Sunday, August 4, 2013

Tales from Indian Classics

It has been a terribly long time since I blogged about something substantial. This time of the year is going pretty cramped with work and deadlines, so much that putting blog posts have gone down on the planner pages. But I guess one can only keep up with the untiring wheel as long as the cog lasts.

I went home in June and visited Ara for a few hours. The memories it brought back could be measured in inches of dust settled on the furniture. It weighed me down and then to embrace it further I opened the doors of almirahs where souvenirs of days bygone were preserved. I knew which memory I was scratching the surface of. My father used to do most of the book purchasing from Patna Book Fair and would then carry the lot to Ara. In one of the trips, he must have got this picture book called 'Tales from Indian Classics'. The book had short stories from Mahabharata, Ramayana, Vedas and Upnishads. One of the stories was on an Bhasmasura, an Asura who met his plight by putting his right hand on his head while dancing with Mohini (an Apsara). To mention it as a common experience for most of us, there are some illustrations from picture books read at a younger age that always gets pinned into the visual memory of our brain. It would usually be an artwork that had an unusual imagery, a moment to creep us out, scare us or even make us laugh because it had something beyond the ordinary to it. I took the book out and quickly flipped open the page which had the illustration of Bhasmasura. I wished to see if it could still amuse me, and it did. I wonder if it was just the nostalgia at work or some unknown logic driving my senses.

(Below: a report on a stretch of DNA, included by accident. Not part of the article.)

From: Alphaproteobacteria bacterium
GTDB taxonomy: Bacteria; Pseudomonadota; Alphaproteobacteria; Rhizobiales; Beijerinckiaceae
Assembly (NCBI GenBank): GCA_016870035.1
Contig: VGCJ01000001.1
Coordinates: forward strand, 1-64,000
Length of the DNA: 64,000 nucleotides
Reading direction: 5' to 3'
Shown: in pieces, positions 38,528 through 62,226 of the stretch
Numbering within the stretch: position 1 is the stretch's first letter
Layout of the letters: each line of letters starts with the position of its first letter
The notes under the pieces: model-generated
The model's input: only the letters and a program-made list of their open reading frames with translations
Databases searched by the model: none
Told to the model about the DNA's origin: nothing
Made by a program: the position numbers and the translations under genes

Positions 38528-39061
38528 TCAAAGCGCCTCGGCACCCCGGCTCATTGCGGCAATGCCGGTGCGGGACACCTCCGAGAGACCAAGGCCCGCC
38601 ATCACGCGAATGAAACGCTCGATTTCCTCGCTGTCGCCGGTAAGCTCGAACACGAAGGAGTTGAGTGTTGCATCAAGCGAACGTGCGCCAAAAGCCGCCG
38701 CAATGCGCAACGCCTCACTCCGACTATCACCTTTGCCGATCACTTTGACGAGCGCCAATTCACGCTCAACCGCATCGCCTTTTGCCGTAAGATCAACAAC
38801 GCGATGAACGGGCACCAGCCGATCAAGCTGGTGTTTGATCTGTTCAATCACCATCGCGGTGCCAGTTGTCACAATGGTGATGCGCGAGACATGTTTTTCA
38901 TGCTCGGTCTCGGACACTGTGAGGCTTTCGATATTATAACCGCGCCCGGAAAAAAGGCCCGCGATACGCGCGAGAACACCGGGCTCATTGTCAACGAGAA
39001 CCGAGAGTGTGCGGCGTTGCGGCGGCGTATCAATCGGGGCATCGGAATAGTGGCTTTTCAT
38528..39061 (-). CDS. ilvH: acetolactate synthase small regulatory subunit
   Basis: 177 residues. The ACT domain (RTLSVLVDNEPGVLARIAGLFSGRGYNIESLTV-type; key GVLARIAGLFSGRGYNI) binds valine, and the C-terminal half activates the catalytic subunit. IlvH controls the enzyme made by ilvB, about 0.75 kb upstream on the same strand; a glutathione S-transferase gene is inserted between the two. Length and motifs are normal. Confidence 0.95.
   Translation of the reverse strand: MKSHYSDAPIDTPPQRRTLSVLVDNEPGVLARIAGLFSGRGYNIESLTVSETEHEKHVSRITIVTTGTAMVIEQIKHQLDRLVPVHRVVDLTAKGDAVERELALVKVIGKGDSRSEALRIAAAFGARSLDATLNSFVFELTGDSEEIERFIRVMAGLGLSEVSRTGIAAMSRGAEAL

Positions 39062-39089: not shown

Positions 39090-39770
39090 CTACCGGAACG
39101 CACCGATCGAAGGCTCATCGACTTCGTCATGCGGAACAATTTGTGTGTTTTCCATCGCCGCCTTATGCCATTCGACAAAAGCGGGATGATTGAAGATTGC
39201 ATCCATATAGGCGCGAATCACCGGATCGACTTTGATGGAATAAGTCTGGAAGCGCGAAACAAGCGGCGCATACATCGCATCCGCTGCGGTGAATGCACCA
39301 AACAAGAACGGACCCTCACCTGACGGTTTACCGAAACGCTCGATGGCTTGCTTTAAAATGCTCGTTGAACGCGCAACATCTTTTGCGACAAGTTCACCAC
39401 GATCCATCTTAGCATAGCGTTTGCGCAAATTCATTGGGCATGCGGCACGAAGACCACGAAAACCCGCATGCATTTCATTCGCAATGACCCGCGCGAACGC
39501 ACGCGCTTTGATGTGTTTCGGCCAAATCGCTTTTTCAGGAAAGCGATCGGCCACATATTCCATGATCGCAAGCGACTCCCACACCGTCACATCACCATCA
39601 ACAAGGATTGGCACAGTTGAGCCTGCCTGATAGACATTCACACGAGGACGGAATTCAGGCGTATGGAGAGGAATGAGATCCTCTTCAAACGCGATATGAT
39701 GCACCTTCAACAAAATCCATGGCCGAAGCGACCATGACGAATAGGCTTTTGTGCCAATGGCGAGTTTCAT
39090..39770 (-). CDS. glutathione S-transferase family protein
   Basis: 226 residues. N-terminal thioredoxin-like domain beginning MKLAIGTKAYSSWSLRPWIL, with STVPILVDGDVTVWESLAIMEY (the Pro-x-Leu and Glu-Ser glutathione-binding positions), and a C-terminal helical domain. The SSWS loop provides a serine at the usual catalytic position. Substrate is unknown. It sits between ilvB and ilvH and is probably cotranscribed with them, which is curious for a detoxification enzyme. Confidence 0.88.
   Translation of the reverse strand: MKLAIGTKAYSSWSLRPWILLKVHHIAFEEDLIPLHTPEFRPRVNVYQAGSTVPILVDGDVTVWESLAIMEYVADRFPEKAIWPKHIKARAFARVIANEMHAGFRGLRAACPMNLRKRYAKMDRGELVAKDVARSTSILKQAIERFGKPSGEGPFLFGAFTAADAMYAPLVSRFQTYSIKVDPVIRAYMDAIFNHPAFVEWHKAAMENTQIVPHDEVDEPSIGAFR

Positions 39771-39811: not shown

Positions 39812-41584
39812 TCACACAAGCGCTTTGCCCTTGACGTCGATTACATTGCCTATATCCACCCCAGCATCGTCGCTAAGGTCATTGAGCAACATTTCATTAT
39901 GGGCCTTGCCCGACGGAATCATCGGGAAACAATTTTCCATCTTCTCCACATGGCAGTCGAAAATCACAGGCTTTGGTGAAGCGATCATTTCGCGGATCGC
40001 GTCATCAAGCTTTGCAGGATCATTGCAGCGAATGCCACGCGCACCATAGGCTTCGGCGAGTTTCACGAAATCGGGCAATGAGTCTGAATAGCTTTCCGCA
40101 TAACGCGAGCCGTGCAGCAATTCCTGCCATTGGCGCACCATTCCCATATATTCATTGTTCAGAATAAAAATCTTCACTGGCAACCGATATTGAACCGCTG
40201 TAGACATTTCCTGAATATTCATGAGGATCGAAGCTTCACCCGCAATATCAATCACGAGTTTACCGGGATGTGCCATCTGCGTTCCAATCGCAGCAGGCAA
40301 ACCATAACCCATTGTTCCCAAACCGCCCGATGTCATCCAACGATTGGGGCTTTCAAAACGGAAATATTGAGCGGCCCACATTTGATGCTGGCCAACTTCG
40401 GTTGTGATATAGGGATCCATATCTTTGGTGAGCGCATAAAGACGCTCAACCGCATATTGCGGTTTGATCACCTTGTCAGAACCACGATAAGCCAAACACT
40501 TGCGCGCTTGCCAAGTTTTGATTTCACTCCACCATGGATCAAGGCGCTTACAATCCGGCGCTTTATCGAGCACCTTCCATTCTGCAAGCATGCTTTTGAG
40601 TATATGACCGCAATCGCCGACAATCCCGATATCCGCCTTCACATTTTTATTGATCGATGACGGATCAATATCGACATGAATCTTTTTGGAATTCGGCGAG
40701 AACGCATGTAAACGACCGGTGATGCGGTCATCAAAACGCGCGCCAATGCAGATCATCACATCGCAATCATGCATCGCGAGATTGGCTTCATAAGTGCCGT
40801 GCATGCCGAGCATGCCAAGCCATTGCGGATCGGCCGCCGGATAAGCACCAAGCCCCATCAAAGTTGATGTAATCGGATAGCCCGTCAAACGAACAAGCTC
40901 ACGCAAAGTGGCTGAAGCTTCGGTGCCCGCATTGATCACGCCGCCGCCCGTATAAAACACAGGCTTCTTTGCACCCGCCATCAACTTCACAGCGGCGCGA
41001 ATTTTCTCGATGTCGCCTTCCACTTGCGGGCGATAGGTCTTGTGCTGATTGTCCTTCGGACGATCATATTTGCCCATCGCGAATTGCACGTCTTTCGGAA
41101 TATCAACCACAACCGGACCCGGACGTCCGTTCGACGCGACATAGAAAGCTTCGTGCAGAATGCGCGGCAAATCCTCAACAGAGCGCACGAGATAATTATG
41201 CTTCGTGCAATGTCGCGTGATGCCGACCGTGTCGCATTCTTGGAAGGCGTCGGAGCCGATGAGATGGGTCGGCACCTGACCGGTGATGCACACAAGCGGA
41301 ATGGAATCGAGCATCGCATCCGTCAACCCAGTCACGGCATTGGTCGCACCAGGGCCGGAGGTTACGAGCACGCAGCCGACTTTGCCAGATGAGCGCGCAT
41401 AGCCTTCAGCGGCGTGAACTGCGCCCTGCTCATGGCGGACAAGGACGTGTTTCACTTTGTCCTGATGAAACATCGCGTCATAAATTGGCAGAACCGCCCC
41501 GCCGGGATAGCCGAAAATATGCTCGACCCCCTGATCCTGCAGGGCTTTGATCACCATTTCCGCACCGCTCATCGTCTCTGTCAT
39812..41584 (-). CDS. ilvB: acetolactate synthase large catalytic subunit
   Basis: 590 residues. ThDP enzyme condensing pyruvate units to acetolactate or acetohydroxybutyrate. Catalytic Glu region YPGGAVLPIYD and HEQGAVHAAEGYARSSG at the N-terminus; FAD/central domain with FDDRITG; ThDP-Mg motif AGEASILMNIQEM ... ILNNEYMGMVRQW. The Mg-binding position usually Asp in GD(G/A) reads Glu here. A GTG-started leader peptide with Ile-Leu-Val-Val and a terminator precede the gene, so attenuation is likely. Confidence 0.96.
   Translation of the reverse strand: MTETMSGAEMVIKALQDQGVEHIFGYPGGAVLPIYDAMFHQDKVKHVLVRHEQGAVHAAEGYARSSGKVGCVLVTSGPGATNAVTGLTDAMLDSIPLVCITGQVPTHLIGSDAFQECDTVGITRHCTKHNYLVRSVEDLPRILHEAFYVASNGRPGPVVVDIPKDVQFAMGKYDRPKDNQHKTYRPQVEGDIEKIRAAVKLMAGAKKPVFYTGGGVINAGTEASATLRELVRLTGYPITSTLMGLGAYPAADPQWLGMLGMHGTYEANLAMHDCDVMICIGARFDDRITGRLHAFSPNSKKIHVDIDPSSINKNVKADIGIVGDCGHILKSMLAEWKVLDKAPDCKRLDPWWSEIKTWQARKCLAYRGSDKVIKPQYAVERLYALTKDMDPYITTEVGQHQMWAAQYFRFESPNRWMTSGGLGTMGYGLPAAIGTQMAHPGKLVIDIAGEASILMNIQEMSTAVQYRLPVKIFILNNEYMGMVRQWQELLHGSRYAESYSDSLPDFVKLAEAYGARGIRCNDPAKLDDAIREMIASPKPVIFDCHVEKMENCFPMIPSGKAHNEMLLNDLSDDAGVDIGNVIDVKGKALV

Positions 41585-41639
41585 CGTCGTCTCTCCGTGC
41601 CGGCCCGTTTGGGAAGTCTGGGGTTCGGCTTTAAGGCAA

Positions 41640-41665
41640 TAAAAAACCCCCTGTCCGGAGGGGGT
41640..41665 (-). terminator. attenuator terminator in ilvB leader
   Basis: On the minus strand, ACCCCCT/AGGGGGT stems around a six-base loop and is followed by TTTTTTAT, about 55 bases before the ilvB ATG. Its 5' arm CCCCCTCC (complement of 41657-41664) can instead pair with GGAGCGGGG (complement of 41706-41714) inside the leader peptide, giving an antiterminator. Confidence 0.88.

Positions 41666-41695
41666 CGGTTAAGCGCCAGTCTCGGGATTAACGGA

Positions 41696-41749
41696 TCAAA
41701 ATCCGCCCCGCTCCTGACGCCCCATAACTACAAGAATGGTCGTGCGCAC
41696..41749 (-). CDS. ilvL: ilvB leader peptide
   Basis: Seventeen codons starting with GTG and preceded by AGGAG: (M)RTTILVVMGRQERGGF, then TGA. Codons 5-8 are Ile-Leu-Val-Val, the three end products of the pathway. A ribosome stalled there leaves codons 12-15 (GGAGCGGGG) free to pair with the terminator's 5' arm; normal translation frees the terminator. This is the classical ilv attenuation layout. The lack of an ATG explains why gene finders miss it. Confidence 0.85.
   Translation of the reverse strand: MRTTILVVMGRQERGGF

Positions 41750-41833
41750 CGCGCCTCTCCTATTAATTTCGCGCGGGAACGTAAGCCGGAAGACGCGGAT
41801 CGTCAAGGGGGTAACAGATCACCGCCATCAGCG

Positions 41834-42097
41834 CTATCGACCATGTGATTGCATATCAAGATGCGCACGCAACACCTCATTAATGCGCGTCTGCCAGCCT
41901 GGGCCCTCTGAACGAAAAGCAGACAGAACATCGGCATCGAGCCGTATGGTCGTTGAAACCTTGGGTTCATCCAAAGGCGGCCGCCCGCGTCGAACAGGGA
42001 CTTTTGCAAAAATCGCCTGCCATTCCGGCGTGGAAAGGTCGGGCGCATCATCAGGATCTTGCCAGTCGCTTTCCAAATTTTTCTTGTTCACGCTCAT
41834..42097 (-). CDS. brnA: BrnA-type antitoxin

To freshen up the inspiration index, I have scanned a few more pages from the book. The illustrations are done by Pulak Biswas and Sukumar Chatterjee. When seeing work of elder illustrators, the faith gets restored on how the very lack of options is often liberating to the skill and enjoyable to the senses.

Opening Page

Inside Page


The House of Lac

Bhima and Hanuman

Cousins and Enemies



Kacha and Devayani

Sundan and Upasundan


  1. We all grew up with Pulak Biswas's illustrations. I wish I still had his books with me and hope to stumble upon some of them at Blossom's one day.
    Have you seen the illustrations of Alice and Martin Provensen? The best way I can describe them here is that they are in the same language as Mr. Biswas's illustrations.

    1. I just checked their work, they are amazing. And you are right, very similar visual nuances as Pulak Biswas's artworks.